Axis Mundi
The beginning of a circle is also its end. Not I, but the world says it: all is one. And yet everything comes in season.
- Heraklietos of Ephesos

How to make a besom ...the easy way!

by Jenwytch

Here's some photos and step-by-step instructions on how to turn an ordinary domestic straw or millet broom into a witches broom or besom, based on the one I made for SOL's Beltane Gathering at Berry, NSW in 2006.

Start with an ordinary domestic straw/millet broom.

The cheaper the broom, the better, as the expensive well-made brooms are much harder to pull apart - they have wire binding inside as well as the twine stitching.

Cut away the stitching which holds the broom in shape, and place the broom in a large tub of water (or bathtub) to soak for a couple of hours.

The broom will tend to float so something heavy like a brick can be used to weight it down to keep all the straw submerged.

Salt may be added to the water to cleanse the previous energies of the broom.

Remove the broom from the water - it will look something like this...

After soaking, the millet strands are now pliable enough to carefully squeeze together to re-shape the broom. If you try to re-shape a dry broom the millet strands may tend to crack and break.

Bundle the broom together as tightly as possible and use strong twine to tightly tie the top of the broom. Next, loosely tie the bottom part of the broom so the millet maintains its shape while drying.

Hang the broom somewhere to dry. The millet strands will have expanded somewhat in the water so drying and shrinking is necessary so the binding can be tightened (or replaced with tie wire) before the broom is finally decorated. Thorough drying will take a week or more.

The drying process can be accelerated by hanging the broom from a clothesline in sunny weather or hanging indoors near a heater or fireplace during cold, damp weather.

After a few days when the broom is partially dried tie another band of strong twine or tie wire around the top of the broom alongside the first binding and pull it as tight as possible. Discard the twine and remove the loose binding from the bottom of the broom as well.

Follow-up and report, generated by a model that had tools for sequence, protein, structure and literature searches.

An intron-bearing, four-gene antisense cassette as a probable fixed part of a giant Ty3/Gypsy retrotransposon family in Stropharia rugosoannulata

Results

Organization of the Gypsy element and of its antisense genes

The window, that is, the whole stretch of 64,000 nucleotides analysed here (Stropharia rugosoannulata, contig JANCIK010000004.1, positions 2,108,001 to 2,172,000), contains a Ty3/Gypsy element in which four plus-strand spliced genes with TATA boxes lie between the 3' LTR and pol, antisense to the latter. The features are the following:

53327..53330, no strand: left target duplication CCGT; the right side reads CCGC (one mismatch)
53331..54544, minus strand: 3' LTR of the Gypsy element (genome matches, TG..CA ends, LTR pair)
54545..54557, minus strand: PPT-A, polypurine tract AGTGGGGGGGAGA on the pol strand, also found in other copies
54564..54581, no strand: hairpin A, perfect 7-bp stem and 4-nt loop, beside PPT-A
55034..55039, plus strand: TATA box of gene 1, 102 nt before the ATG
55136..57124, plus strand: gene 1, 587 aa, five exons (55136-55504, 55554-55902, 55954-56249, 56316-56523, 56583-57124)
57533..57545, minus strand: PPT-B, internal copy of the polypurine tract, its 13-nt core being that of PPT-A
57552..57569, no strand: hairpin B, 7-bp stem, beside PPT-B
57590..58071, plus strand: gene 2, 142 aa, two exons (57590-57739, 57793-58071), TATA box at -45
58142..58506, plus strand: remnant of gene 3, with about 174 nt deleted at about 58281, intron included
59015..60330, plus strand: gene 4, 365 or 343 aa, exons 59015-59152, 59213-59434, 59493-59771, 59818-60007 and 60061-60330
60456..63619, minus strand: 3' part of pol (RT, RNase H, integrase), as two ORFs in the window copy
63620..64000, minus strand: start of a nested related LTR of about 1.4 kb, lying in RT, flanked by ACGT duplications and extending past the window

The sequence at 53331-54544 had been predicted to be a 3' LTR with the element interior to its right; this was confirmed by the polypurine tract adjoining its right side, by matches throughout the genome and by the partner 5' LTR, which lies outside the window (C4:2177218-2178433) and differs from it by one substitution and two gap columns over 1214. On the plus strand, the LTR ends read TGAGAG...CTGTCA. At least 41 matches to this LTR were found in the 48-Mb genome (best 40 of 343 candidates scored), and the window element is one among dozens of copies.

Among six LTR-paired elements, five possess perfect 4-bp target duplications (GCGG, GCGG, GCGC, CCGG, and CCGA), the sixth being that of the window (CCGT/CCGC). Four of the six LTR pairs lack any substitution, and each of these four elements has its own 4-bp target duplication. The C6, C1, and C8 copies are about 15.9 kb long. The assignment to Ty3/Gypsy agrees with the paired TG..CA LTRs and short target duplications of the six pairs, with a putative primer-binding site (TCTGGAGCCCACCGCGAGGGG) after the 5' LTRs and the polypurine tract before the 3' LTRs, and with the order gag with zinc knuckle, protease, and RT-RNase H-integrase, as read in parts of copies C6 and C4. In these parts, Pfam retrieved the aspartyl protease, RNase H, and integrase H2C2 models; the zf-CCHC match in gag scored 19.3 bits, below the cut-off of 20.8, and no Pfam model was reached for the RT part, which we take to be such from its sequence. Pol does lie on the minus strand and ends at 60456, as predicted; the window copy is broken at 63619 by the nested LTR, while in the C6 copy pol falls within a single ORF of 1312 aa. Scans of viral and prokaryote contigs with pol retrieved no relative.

Secure with more wire by twisting the ends of the wire together using a pair of pliers. Trim off the excess wire and use the pliers to bend the ends of the wire into the broom so no sharp edges are exposed.

Using sharp scissors or a knife, trim any uneven edges along the bottom of the broom, then decorate as desired.

Repaint the handle if the colour is not to your liking, or decorate with ribbons. You can also engrave symbols on it, your magical name, or whatever you like.

Here two different coloured ribbons were tied together through the hanging loop at the top of the broom and wrapped alternately down the length of the handle and secured by tying them tightly at the bottom of the broom handle.

The working end of the broom can be left plain, or perhaps decorated with items such as ribbons, dried flowers and herbs, sea shells, crystals, feathers etc - the possibilities are endless!

Dried or fresh flowers or herbs from the garden can be tied securely to the broom for decoration. Fresh lavender sprigs were used for this broom so a further drying period was necessary before attaching the final ribbons and ties around the outside of the broom - lavender and other herbs also shrink as they dry so the initial ties securing the herbs will also need to be tightened or replaced. The final ribbons are secured by stitching into place to prevent them coming untied.

Ritually cleanse and consecrate your new besom.


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